Walker was scathing in his response to the Commonwealth’s implied criticism of the decision in Williams (1). It must be the proposition, he said, that the case was decided wrongly because the reasons advanced by the justices were wrong. It constitutes, he said, a thorough-going criticism of the court which is without foundation. It is not ‘ordinary’ he said to ask for a case heard in the High Court to be re-opened. There is no reason to say that what stands in law should be reversed. To say otherwise threatens the integrity of the court and the stability of its decisions.
As the day moved on, each of the states’ solicitors-general, with the exception of Queensland, agreed (broadly) with Walker’s views on S 32b.
Five of the six states agreed that the legislation could not be ‘read down’.
The solicitor-general for Victoria noted that the Commonwealth seemed to imply that S32b would be ‘read down’ by means of ‘regulations’ imposed upon it. But, he said, there is no head of power, no ‘foothold’ to limit what the executive is capable of doing under S 32b and no criterion by which it can be read down.
Queensland, however, argued that the legislation may be valid, even though funding for discrete programs specified within its schedule (the laundry list of ‘allowable’ programs) may not be.
NSW complained that S 32b was ineffective in meeting Constitutional requirements, not to mention the requirements confirmed in the Williams (1) ruling. The solicitor-general for NSW also noted that 32b authorises a minister to delegate his or her authority to sign off on expenditure to a public servant ‘well below’ the status of a person responsible to the government. It allows millions – even billions – of taxpayers’ money to be spent, without parliamentary authority, at the stroke of a bureaucrat’s pen.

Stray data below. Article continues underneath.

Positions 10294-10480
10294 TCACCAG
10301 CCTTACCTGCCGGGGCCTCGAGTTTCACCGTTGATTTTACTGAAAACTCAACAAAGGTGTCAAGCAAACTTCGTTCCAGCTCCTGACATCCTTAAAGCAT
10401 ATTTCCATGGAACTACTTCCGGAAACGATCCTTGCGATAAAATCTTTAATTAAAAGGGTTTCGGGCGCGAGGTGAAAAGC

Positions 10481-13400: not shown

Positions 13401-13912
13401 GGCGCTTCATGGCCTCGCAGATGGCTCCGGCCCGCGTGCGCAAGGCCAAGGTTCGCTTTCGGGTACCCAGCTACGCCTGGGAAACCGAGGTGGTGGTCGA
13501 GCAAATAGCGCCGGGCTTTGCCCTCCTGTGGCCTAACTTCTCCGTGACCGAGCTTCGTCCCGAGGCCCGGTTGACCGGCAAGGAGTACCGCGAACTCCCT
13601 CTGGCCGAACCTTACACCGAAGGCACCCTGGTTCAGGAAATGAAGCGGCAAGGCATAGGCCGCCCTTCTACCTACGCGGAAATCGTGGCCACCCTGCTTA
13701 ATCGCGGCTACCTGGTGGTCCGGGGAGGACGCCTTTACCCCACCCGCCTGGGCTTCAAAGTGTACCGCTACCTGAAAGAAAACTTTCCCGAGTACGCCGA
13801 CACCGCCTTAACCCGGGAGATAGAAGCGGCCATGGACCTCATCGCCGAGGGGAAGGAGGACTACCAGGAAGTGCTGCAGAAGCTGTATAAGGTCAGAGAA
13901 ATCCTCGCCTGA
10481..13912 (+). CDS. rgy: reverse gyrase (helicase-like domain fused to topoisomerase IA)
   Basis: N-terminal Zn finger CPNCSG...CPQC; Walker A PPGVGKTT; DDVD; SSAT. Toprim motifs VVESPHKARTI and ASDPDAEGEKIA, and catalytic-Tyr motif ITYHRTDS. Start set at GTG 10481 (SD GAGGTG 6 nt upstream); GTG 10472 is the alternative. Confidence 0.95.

In the opinion of NSW, S32b ‘fails as a law in respect to any identifiable head of power’.
NSW insisted that, in line with the court’s decision in Williams (1), parliamentary scrutiny is required for expenditure and the Parliament cannot abrogate that responsibility.
In Williams (1) it was made clear that an ‘appropriation’ – the Parliament’s assent to a request to ‘set aside’ funds for a specific purpose – does not (as previously supposed) provide sufficient authority to actually spend money. For that to occur, legislation must be enacted after parliamentary scrutiny of a Bill pertaining to the specific program or grant on which money is proposed to be spent. S 32b completely circumvents both the need for legislation and for detailed parliamentary scrutiny of the subjects of expenditure. S 32b provides blanket approval based on no more than a title and a brief, vague, generalised descriptor of its ‘purpose’.
Further, the government has supposed that, with the benefit of S 32b, it no longer needs a ‘head of power’ to expend money. If the Constitution does not provide it with the authority to spend money for a particular purpose, 32 b does. In this sense, 32 b acts outside of the Constitution in a way that cannot possibly be validated by the High Court whose role is to protect the authority of that document.